One of the Forum's central events is a Lecture by the famous American scientist Eric Drexler, who is considered to be one of the founding fathers of nanotechnology as a scientific and technological field. He is the author of the nanotechnological mechanosynthesis concept and the first molecular nanorobots theoretician. Eric Drexler will share his vision of nanotechnology development prospects with the Forum participants. During all the three days of the Forum, the Discovery cinema hall will show nonstop the best scientific films from this American TV channel. RUSNANOTECH Forum is a place for discussing and demonstrating innovative technologies in machine-building and metal-working, opto- and nanoelectronics, solar energy and energy-saving, healthcare and biotechnology, new nanostructured materials industry and infrastructural projects. The Forum objective is to enable participants to discuss main trends in global scientific and technological development and key trends of investment process in the field of hi-tech and to engage in practice in implementing new in Russia:

  • to present one's developments to potential investors and partners
  • to select prospective subjects for investment
  • to find suppliers of innovative products
  • to build chains for project implementation
  • to build-up new contacts at various levels

  • The International Award in the Field of Nanotechnology RUSNANOPRIZE 2010 is ceremoniously awarded at the Forum. As part of the RUSNANOTECH Forum awards for the Russian youth prize Field of Nanoindustry and the International Contest of Young Scientists' Works in the Field of Nanotechnology are presented. RUSNANOTECH 2010 brought together over 10 thousand participants from 50 countries. Over 400 speakers delivered reports as part of the Forum's business and scientific programs. Among them were Nobel Prize Laureates Zhores Alferov and Professor Konstantin Novoselov, the Provost of Massachusetts Institute of Technology Rafael Reif and Microsoft GM Steve Ballmer.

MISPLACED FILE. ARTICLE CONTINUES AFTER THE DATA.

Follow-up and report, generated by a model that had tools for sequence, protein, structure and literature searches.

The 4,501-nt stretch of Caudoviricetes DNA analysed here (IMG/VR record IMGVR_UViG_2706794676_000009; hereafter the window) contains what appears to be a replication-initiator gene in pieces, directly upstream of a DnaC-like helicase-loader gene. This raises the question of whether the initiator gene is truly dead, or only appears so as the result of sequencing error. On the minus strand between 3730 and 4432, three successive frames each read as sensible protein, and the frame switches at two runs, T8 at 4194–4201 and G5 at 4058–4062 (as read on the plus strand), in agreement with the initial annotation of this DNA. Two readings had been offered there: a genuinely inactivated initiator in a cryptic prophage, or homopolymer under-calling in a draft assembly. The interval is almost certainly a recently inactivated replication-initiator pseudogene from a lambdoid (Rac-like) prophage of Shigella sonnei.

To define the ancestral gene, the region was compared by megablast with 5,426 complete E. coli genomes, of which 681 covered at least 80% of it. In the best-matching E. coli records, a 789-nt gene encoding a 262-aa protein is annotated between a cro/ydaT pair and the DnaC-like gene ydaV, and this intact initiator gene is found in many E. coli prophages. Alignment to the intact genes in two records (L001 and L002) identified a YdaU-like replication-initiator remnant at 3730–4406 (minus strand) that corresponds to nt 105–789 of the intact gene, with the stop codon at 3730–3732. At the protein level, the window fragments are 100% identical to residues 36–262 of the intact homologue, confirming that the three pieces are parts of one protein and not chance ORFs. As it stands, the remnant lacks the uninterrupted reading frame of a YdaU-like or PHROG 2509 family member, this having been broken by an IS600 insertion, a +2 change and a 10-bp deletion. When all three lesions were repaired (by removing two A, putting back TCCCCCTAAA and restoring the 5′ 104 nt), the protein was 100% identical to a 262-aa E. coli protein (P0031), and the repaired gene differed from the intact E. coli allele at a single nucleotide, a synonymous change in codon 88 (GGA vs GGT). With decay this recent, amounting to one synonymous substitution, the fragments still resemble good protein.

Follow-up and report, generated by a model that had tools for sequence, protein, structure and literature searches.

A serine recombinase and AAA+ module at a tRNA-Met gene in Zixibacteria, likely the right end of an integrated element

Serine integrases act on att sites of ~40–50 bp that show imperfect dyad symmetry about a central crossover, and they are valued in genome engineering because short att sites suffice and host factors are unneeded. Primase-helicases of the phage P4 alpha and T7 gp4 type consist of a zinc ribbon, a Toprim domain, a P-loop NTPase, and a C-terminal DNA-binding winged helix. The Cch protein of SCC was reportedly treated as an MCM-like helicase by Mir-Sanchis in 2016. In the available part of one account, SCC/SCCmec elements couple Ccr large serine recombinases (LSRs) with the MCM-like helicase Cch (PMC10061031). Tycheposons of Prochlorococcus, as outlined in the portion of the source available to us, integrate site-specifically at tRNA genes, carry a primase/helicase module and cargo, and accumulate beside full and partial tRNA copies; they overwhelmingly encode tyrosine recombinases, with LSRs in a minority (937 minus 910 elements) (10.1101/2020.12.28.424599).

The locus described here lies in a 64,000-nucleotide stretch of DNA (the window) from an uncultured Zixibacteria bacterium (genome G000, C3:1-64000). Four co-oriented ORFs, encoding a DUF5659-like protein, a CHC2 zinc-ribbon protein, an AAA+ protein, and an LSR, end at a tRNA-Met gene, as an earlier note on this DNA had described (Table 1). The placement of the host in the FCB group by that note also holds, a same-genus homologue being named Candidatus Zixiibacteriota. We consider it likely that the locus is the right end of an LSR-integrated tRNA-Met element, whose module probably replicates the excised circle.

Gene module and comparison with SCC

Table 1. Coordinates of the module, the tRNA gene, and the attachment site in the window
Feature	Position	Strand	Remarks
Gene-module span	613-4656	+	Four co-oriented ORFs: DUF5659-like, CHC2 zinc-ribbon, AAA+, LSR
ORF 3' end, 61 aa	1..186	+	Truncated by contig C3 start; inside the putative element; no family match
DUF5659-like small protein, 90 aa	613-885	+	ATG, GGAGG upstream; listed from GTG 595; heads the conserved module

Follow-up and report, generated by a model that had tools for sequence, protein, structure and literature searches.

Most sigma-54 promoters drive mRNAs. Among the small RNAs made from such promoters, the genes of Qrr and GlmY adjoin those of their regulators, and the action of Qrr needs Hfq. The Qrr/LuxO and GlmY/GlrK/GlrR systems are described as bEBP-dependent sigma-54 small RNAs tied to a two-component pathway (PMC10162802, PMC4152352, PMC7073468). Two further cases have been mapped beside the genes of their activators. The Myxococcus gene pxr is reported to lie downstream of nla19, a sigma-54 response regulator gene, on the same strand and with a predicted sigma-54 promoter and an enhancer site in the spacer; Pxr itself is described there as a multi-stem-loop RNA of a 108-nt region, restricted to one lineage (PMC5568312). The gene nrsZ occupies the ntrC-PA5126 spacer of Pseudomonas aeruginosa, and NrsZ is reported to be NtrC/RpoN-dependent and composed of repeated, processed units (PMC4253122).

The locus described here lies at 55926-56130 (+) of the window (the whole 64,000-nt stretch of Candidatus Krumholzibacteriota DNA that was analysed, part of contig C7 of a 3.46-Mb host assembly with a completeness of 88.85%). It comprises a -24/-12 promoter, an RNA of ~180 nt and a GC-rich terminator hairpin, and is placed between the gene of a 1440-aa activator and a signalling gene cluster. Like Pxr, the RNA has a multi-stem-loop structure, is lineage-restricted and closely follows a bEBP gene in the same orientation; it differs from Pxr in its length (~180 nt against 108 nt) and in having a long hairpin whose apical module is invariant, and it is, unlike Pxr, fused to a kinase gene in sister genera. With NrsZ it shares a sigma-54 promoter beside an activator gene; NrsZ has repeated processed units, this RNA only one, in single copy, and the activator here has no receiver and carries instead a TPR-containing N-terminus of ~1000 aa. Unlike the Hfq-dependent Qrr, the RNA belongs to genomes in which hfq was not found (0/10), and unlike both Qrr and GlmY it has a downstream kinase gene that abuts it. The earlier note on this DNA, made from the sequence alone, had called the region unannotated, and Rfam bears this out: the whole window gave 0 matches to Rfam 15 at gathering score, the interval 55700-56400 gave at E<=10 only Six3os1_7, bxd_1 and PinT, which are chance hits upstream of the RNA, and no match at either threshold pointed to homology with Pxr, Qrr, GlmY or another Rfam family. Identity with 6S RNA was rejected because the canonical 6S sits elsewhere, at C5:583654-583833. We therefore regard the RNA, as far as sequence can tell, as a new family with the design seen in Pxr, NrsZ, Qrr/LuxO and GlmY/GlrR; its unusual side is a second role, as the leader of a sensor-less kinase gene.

The Forum plenary session was opened by the President of the Russian Federation Dmitri Medvedev. Hundreds of Russian and foreign companies presented their developments at the Forum Exhibition.
    Copyright © 2011, Nanowerk. All Rights Reserved.
    * * *
      PhysOrg / September 14, 2011
      A cut above the Eiffel Tower
      Architects from Technische Universitaet Muenchen are studying the lattice towers created by Russian engineer Vladimir G. Shukhov